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Monday, May 11, 2009

Wherein I gush about the Star Trek Movie

Not only did I love the Star Trek movie -- it turns out to be the perfect Mother's Day film! Who knew it was all about mothers? Well, sorta.

I absolutely loved the way they captured the characters but turned them up to 11. It was them -- the people who have been so central to my imagination for something like three and a half decades -- just more intense and complex. But the added intensity fits with the way I've been imagining them all along. You know what I mean -- the way we fill in the blanks by inferring so much from whatever characterization we see onscreen. It all somehow worked and didn't hit any sour notes for me. 

WARNING: Spoilers beyond

Kirk was true to the original, right down to the womanizing and the arrogance, but with enough real courage and intelligence to back it up so that you admire him. That was especially important to me, because Kirk has always been the person I wanted to be, and it always bothers me a little when he's ridiculed. (I am a bit miffed on behalf of Kirk's mother, who obviously put up with a lot of shit from that kid, but who never got to appear in the movie again after the opening sequence.)

Spock worked just as well, though I have to say that I kept thinking that the makeup made him look a bit like Ben Stiller. (It didn't help that they showed the
Night at the Museum sequel trailer before the movie.) And I'm getting behind Spock/Uhura 100 percent, even if I did cringe just a little at the scene in the lift when she asked him to tell her what he needs. Just a wee bit over the top, that, but never mind. Hot is hot.

Uhura essentially got
Enterprise character Hoshi's job description. It was always really odd that "communications officer" was a more complex, skilled job on a series set a century before TOS, but of course they were fixing the obvious lameness of Uhura's gig. Now Uhura is what she should have been from the start.

Great love for McCoy, whose pessimism balances the trio so well. Probably my major complaint about the movie is that there wasn't enough of him in it.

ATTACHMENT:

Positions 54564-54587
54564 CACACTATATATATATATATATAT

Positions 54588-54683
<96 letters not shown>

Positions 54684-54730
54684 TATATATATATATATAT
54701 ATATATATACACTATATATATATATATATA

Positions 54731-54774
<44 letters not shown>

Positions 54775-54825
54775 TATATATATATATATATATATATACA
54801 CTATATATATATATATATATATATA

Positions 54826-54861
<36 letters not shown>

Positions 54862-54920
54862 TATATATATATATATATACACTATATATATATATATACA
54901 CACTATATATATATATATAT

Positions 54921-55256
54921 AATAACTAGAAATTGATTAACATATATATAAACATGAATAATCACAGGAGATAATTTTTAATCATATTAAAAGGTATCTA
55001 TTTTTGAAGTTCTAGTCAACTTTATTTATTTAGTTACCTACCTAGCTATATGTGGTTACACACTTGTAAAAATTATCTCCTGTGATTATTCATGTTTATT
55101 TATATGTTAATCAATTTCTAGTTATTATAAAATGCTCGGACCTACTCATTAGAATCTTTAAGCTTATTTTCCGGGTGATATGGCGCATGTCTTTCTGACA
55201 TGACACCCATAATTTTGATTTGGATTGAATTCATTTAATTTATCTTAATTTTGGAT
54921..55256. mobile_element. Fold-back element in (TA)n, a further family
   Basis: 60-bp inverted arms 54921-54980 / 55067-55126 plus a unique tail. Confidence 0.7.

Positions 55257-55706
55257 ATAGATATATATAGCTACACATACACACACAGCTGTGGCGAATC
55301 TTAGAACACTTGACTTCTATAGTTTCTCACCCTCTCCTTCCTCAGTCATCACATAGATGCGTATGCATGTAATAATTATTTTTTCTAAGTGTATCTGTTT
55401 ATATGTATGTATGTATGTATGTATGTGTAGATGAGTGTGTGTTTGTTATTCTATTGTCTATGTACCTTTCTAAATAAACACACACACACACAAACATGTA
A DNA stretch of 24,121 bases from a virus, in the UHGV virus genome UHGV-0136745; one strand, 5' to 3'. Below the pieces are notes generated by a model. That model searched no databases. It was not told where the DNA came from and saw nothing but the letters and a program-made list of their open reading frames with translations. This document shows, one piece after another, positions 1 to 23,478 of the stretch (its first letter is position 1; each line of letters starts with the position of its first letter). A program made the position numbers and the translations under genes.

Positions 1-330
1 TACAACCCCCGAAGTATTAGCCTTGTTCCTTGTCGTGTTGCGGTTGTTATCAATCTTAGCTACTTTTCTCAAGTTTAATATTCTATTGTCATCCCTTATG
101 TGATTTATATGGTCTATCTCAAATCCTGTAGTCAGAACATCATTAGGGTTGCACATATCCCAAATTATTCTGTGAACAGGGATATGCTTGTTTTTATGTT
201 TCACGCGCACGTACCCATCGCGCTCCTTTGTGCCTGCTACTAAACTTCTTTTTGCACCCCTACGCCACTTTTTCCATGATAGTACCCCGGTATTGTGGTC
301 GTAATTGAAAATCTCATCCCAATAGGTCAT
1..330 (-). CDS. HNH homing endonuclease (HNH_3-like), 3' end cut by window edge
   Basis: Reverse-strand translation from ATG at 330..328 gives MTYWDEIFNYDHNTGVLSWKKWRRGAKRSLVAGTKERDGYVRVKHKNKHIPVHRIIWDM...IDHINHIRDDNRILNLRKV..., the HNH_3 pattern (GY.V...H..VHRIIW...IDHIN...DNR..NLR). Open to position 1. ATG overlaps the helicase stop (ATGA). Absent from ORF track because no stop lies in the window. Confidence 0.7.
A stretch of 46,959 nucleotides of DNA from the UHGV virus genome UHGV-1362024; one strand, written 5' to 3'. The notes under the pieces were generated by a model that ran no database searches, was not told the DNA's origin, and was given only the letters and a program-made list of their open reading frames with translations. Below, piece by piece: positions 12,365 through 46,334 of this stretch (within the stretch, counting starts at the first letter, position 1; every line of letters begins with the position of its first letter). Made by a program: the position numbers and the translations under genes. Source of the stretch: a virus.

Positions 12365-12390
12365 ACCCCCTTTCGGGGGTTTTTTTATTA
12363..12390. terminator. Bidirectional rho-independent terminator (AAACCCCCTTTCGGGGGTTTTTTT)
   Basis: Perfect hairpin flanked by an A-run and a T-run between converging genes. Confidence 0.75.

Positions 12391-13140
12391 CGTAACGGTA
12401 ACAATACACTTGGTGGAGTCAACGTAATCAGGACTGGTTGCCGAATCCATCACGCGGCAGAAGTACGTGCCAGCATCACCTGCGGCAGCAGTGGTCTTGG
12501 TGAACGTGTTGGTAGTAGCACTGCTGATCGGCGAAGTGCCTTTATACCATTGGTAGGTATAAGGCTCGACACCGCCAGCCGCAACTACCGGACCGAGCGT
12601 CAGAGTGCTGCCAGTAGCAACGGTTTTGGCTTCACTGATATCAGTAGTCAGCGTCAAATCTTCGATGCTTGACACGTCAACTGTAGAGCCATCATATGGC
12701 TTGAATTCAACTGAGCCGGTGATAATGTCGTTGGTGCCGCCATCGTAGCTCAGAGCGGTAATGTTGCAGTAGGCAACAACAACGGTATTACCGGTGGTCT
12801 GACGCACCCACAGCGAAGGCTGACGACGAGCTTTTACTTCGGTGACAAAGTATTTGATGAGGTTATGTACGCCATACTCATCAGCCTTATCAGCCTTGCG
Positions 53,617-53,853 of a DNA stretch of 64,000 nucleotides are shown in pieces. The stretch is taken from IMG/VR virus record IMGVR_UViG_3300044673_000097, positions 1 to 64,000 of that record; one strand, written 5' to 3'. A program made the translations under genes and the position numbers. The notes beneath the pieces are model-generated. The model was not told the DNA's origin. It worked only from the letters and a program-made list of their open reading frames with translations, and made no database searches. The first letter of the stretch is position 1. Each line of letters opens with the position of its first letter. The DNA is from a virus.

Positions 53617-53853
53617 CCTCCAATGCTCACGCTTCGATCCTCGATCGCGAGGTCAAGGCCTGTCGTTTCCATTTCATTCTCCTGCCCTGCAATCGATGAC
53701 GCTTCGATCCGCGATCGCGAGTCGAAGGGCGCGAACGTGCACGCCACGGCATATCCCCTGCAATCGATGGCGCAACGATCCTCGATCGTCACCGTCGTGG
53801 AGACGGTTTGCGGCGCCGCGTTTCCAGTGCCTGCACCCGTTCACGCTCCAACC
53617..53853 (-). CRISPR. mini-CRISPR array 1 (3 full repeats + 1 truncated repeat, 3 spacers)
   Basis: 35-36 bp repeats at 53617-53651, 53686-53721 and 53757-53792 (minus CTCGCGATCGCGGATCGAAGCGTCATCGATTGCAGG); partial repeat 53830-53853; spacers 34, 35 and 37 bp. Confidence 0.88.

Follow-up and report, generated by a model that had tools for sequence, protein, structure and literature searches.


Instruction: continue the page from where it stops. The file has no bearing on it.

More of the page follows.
And, oh, Leonard Nimoy. Love. (And wasn't it brilliant the way they aged his ears to match his face?)

As for the story, it kept rolling along just fine, and yeah, I don't really get some of it: I'm not at all sure what red matter is supposed to be, or why all those cadets ran off to serve on starships (didn't they already have crews?), or why creating a singularity within our solar system isn't a really big problem, or whether both timelines still exist and how old Spock's disappearance from the other one might affect it, get the idea. But it's all good.

As for what is and what isn't canon -- I guess I'm the typical female fan who's far more concerned about continuity of character than about continuity of plot. If the characters feel wrong, no amount of accuracy in detail will salvage the thing for me; if the characters feel right, I'm content to shrug off other problems. In this case, I'm perfectly happy to roll with the alternate-reality premise, because it feels right. 

And besides, they did an amazing job of incorporating all these little details that echoed the original, even if they are somewhat different: "I have been and always shall be your friend;" Sulu and his fencing; the hairstyles and miniskirts; Scotty yelling about giving it everything she's got; Pike in a wheelchair; the Kobayashi Maru; etc etc.

Also, it was wonderful sharing this movie with my sons, who loved it and now want to see more Star Trek. Sadly, my daughter wasn't interested in the least. Oh, well. IDIC. (Though I'm still hoping that her inner sci fi geek will emerge eventually...)

Oh, and we went out for a delicious Malaysian dinner after. The perfect Mother's Day.

I plan to see the movie again, by myself, no distractions. I'm going to enjoy that a lot.